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SMEs face the same talent challenges as large enterprises, without the luxury of the same bandwidth or budget – here are some ways they can get creative.
Akin to little drops of water that make up the mighty ocean, each economy is made up of numerous but powerful mid-size organisations that not only drive the national income, but also local employment and talent development. Be it Singapore, Malaysia, or the Philippines, SMBs account for more than 90% of a nation’s enterprises, typically employ two-thirds of the workforce, and contribute in the range of 30-50% of the country’s GDP.
Given their prominent contribution despite more conservative bandwidth and budgets than MNCs; attracting, developing and retaining talent are all the more complex for HR leaders in fast-growing organisations in the ASEAN region. Even so, Dr Jaclyn Lee, senior director of human resources, at Singapore University of Technology and Design, affirmed in a SPRING Singapore handbook: “With a good human capital strategy, it is not impossible for SMEs to overcome the challenge of recruiting and retaining good talent in this competitive labour landscape.”
Breaking new ground at Newtec
Faced with such realities, emerging companies are resorting to newer HR tools and techniques – in order to compete for talent with both innovative startups as well as established larger businesses. Take the case of Belgium-based Newtec Cy N.V., which specialises in satellite communications. With 400 technical staff on five continents and staff growth expected on the horizon, Newtec knew it needed to streamline its HR processes and expand the size of the candidate pool.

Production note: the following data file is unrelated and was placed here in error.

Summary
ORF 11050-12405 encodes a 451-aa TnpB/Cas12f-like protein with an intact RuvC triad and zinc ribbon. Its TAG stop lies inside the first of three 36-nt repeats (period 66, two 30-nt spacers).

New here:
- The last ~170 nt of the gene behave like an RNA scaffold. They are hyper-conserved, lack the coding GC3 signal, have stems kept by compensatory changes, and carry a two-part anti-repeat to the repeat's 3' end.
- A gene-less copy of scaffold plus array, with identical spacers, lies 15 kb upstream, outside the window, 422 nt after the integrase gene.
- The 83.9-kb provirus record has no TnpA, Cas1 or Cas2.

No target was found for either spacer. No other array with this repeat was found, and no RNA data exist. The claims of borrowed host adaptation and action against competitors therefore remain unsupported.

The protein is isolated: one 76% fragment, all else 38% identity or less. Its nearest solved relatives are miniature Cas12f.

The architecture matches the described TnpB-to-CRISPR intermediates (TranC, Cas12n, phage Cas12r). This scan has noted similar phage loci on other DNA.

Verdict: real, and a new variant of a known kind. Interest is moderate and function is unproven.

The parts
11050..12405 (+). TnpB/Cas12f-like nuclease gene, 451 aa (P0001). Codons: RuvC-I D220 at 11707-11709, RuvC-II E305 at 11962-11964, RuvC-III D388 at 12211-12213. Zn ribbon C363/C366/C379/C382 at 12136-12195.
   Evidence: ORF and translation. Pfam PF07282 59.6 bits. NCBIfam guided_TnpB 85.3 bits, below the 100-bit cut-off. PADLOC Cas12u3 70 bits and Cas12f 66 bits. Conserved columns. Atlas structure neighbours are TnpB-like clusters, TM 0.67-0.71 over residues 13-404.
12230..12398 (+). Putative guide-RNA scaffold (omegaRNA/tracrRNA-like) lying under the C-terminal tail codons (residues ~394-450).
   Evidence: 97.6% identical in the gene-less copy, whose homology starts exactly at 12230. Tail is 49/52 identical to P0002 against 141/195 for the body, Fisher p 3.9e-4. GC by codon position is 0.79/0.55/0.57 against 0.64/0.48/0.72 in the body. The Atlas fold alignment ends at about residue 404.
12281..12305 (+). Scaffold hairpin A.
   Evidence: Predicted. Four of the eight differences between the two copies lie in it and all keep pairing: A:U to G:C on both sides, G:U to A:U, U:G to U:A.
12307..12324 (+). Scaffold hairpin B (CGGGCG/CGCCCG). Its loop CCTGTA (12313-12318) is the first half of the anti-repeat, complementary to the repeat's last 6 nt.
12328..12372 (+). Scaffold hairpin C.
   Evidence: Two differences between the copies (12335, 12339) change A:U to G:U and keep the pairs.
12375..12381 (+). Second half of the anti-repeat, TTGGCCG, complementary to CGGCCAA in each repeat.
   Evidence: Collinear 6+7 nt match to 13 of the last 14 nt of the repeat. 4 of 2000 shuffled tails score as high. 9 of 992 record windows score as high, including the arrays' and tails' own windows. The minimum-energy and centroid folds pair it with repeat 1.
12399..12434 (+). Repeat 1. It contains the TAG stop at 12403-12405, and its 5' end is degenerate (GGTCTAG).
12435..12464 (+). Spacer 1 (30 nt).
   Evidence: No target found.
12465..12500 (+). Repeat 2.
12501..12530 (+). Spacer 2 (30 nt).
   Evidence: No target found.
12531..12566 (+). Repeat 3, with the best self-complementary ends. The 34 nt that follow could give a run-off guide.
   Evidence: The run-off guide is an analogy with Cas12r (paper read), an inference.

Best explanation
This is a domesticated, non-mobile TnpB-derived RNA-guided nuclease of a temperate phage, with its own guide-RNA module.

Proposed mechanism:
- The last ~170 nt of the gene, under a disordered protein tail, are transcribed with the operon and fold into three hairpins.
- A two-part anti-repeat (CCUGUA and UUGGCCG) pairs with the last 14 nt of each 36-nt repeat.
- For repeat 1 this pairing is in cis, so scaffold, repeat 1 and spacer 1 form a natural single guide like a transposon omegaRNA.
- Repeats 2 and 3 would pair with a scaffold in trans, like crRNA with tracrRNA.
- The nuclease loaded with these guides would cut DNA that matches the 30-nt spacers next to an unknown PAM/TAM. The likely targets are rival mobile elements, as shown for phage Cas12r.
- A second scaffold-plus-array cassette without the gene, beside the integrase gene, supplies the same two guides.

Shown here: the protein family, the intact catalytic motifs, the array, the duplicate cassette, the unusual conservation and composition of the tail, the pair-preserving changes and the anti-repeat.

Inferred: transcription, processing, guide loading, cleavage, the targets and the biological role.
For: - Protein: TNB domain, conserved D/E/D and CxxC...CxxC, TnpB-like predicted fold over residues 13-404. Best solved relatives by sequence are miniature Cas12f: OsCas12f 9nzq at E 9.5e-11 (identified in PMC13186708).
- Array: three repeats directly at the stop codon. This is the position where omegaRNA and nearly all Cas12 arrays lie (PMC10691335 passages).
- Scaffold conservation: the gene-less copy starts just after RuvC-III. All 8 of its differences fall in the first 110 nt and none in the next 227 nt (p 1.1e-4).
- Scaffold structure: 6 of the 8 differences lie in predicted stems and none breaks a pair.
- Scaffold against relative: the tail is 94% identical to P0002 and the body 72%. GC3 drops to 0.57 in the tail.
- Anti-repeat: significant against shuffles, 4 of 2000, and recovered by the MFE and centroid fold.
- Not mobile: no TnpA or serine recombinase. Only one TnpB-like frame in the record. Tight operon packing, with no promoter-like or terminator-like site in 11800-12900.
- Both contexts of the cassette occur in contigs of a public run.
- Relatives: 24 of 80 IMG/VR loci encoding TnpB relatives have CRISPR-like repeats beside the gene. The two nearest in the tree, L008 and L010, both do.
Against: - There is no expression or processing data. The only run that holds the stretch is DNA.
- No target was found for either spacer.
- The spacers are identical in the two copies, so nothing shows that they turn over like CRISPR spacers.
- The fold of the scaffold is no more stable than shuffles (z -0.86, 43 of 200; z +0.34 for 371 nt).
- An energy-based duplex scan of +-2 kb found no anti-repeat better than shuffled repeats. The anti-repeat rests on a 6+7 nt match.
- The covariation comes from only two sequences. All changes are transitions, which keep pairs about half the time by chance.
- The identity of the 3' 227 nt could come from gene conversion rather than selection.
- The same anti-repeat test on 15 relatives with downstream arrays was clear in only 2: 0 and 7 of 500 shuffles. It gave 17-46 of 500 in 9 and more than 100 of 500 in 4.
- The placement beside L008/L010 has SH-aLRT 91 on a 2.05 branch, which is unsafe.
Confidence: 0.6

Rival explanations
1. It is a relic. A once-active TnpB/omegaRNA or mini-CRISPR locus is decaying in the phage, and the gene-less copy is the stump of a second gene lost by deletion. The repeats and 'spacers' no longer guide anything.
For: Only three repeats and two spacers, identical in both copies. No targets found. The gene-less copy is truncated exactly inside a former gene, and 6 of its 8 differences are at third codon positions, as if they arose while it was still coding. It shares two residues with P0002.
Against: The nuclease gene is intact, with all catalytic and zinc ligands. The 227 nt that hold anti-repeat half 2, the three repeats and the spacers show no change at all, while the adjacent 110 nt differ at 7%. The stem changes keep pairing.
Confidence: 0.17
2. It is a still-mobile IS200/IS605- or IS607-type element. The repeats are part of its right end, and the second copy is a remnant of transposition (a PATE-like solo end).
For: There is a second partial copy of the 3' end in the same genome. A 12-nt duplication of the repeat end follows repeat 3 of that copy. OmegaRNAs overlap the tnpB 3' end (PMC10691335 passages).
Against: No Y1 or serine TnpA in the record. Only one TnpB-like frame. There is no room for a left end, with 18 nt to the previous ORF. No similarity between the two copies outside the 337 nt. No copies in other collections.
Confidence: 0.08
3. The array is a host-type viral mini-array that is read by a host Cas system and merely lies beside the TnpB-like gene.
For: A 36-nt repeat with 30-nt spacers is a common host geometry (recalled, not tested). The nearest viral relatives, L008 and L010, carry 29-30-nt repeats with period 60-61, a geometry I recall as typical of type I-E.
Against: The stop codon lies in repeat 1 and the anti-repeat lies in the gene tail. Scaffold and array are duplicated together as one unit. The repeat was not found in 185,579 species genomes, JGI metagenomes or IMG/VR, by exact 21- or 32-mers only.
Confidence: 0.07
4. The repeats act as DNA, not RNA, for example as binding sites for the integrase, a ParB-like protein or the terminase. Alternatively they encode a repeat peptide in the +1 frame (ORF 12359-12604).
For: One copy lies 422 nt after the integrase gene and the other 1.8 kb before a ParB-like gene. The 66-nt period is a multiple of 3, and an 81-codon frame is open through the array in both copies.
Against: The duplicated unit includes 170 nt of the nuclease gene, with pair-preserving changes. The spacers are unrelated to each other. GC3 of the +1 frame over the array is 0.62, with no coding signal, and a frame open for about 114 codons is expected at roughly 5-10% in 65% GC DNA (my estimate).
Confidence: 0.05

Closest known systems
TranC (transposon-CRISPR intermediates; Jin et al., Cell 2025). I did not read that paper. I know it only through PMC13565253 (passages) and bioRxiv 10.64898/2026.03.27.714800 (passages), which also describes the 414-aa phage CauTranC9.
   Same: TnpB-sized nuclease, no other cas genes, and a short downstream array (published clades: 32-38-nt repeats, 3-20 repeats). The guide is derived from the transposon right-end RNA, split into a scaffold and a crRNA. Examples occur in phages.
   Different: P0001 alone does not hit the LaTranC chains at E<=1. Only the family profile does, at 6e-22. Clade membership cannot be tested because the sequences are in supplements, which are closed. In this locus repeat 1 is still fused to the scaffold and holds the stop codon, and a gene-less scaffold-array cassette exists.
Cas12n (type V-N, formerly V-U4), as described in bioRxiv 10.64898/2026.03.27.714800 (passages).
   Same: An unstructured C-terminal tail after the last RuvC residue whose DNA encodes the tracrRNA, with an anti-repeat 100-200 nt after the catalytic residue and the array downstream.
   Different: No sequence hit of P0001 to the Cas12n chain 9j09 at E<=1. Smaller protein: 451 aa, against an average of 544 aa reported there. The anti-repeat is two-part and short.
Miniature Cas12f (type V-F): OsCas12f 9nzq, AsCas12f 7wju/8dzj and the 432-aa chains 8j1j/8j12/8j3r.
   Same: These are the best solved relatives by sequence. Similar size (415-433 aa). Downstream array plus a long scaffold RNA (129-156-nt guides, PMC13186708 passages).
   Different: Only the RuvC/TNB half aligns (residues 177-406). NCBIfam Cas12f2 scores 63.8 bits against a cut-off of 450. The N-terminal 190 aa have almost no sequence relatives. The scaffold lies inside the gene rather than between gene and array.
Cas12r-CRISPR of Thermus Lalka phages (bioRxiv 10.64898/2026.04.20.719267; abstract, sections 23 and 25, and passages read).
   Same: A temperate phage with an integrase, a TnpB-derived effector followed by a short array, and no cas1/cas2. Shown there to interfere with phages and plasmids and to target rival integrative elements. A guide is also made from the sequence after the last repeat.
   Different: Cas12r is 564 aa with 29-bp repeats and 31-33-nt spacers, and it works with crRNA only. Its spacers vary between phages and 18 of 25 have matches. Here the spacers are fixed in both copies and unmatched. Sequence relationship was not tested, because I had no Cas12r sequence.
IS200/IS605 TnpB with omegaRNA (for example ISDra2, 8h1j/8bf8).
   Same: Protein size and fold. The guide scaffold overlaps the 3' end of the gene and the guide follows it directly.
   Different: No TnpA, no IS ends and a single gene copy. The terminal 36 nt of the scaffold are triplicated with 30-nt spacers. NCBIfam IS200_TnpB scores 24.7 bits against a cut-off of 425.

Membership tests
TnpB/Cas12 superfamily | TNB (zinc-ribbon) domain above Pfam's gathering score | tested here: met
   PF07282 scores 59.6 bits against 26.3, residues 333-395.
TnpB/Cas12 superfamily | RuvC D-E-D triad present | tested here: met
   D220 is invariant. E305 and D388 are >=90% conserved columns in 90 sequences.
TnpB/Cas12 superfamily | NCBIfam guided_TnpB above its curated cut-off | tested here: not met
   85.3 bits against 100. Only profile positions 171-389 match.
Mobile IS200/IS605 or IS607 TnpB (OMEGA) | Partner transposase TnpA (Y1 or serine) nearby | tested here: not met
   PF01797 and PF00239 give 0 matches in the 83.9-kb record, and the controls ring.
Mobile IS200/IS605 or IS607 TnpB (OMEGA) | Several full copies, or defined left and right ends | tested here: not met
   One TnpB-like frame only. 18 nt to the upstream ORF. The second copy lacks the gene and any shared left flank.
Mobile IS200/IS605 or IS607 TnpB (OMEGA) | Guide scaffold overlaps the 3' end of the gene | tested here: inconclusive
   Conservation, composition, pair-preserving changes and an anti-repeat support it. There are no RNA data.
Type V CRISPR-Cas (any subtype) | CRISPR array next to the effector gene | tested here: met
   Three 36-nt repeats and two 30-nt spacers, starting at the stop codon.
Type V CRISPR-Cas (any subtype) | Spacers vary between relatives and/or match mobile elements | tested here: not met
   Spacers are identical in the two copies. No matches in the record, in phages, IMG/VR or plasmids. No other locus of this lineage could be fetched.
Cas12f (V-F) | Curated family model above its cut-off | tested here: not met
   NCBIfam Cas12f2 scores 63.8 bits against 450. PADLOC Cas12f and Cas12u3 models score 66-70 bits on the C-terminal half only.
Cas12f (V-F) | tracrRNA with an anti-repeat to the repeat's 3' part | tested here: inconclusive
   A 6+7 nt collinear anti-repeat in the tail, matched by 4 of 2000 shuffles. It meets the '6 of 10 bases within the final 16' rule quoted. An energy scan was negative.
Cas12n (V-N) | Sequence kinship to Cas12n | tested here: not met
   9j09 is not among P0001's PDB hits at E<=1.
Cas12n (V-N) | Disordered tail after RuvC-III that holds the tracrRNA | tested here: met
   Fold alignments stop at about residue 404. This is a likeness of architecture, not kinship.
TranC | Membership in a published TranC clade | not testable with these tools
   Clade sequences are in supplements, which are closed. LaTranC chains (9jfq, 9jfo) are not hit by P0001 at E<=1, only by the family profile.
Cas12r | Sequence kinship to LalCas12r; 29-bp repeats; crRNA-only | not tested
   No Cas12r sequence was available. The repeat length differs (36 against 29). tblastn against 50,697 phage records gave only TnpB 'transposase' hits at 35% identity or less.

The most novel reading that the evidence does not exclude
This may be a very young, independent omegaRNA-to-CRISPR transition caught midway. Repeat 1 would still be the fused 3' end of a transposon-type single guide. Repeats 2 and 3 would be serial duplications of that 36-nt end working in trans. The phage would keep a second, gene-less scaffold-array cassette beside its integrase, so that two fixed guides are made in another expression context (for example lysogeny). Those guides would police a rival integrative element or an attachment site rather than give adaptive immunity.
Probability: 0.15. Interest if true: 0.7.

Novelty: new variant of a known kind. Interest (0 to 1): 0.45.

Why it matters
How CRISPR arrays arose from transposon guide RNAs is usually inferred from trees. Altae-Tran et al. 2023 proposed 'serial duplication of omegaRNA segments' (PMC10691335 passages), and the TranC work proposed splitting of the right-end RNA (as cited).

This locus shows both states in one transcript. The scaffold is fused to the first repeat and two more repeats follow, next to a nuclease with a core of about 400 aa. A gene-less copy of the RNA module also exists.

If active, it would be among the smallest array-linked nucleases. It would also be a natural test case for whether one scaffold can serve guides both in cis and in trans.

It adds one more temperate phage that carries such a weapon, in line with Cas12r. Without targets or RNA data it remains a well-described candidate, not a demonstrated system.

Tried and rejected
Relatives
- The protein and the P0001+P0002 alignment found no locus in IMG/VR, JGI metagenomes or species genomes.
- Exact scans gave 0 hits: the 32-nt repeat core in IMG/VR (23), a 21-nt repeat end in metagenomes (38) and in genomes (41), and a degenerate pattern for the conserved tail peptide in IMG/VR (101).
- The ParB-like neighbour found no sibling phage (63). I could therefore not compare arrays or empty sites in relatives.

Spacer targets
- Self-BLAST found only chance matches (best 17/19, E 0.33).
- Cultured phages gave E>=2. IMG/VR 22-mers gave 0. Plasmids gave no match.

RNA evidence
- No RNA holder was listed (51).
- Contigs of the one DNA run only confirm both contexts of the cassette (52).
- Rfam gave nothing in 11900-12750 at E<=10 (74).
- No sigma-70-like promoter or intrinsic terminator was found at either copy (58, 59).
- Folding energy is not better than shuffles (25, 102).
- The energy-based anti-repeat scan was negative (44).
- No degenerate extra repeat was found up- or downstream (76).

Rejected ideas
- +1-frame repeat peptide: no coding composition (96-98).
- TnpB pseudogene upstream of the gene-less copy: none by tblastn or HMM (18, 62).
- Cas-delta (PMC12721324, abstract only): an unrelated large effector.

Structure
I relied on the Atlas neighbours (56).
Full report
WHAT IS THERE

The solution? Replacing a legacy HR record-keeping system and spreadsheets, with an integrated talent platform, which includes modules for recruitment, learning and performance appraisals. Not only did the new system accelerate the job of storing and searching resumes, it brought about other benefits. These included reducing the time Newtec staff spent managing learning activities by 20%, and improving the throughput time for the performance appraisal process by 30%.
The analytics capabilities enable deeper visibility for upper-level managers to know their workers.
Making the right impact at Impax
Another interesting example is that of California-based pharmaceuticals business Impax Laboratories, which is using a talent management platform to bridge the gap connecting its 1,400 employees in the U.S., Taiwan and Ireland. “By automating talent management processes, we have seen more engagement by the employee, by the manager and between the manager and employee,” says Scott Steele, senior director for HR information systems (HRIS).
Additionally, Steele confirms that the analytics capabilities enable deeper visibility for upper-level managers to know their workers. HR information such as job info, compensation and individual performance is also easily accessible, so they can plan better. “Now managers can see their organisations, the ratings and status. They can click on a chart and see where an individual is,” he adds.
So, can SMBs harness digital HR to carve out a competitive edge in the war for talent? Yes, say a number of HR leaders, affirming that investments in technology are not only the domain of deep-pocketed MNCs. Read more case studies from real SMBs that have successfully leveraged digital HR capabilities – download the Forbes Insight Briefing Report, “Competing for talent in the digital age”.